Maintenance costs are another bonus: Tankless heaters have a lifespan up to twice as long as conventional units, because there is no tank to rust or anode rod to replace.
The biggest drawback to a tankless water heater is the price, averaging around $1,300 for the unit itself. This technology also requires larger gas lines, different exhaust vents and water treatment, creating additional installation expense.
For that reason, tankless water heaters aren’t cost-effective for an existing home. But in a newly-constructed home, you can expect to have your investment paid back in energy savings in about five to seven years.
Another consideration is the maximum flow rate – if you have a large family, you might not have enough capacity to take two showers and run the clothes washer and dishwasher simultaneously. You can avoid those problems by running appliances late at night.
Solar water heaters
A solar water heater is an investment that's great for the environment – and your energy bills.
How it works
Solar water heaters use thermal panels to collect heat from the sun's rays. These panels, which require an unshaded south-facing location, are usually installed on a rooftop.
Sunlight passes through the panels and is collected by a dark absorber plate. The plate warms liquid passing through pipes - either the home water itself, or a heat-transfer fluid like an environmentally safe antifreeze.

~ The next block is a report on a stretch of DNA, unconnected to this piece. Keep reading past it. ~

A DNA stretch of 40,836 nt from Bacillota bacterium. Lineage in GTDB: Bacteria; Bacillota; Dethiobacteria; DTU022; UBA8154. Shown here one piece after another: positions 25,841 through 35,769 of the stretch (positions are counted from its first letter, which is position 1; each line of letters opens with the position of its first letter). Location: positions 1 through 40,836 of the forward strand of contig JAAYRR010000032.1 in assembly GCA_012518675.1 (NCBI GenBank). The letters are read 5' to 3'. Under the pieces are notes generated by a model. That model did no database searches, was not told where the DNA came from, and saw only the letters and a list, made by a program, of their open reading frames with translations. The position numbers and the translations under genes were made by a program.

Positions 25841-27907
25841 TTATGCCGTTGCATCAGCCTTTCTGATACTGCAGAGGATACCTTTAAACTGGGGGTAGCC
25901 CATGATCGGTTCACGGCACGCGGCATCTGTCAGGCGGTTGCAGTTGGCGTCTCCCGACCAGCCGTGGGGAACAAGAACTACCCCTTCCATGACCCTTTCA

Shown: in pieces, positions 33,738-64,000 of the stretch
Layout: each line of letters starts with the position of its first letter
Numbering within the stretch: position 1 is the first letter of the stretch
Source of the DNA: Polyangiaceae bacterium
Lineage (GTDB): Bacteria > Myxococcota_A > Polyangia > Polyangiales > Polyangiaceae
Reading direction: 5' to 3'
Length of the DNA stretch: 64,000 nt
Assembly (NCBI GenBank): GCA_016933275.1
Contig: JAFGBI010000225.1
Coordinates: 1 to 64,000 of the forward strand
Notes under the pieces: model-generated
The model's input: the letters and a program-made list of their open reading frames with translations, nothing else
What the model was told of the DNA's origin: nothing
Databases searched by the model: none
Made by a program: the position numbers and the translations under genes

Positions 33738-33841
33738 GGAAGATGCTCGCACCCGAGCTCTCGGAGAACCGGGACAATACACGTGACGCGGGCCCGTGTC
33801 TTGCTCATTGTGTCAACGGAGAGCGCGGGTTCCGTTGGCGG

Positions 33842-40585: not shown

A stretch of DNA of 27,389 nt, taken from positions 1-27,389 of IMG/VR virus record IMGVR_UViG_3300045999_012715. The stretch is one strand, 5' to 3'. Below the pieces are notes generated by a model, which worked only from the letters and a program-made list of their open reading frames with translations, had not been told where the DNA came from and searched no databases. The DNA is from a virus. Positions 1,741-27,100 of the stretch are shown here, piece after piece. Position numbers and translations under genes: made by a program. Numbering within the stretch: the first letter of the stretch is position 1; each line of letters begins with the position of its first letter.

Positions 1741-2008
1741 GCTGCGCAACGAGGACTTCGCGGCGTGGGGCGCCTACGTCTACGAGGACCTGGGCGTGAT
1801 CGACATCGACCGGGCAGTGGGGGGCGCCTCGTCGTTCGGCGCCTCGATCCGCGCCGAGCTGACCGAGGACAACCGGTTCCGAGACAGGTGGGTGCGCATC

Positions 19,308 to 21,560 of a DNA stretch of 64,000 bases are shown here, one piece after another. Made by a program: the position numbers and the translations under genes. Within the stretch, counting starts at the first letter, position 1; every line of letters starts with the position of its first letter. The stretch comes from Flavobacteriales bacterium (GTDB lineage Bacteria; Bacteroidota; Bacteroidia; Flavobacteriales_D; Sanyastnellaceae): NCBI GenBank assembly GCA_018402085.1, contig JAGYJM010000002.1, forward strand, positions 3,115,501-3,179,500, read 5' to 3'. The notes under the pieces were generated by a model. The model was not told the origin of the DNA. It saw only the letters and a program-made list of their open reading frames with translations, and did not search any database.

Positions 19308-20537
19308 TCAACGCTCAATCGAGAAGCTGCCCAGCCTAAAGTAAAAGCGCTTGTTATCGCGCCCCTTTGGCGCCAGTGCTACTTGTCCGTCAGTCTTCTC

If an antifreeze mixture is used, the heat is extracted from the fluid through a heat exchanger inside the water heater, just like a standard natural gas or electric model.
According to the U.S. Department of Energy, solar water heaters can operate in any climate. In fact, the colder the water, the more efficiently the system works. But keep in mind that most local building codes require a conventional water heater as a backup in case of emergencies.
The sizing and installation of a solar water heater is a professional job - your contractor will use worksheets or computer programs to determine the right size for your family's need, as well as the best place to install the panels. Learn more about water heater installation.
The initial cost of a solar water heating system ranges from $1,500 to $3,000; in many cases, the cost can be paid back in energy savings in less than eight years.
If you currently have an electric water heater, switching to a solar model is a good investment - some homeowners have cut their electric bills by 50 to even 80 percent. The energy savings can pay back the price difference in about four to eight years.
Replacing a natural gas water heater with a solar system won't offer such dramatic savings, because gas models are already more energy-efficient than electric.
If environmental impact is an important consideration, a solar water heater can make a difference. If you replace an electric water heater with a solar system, more than 50 tons of carbon dioxide emissions will be displaced over the 20-year lifespan of the equipment.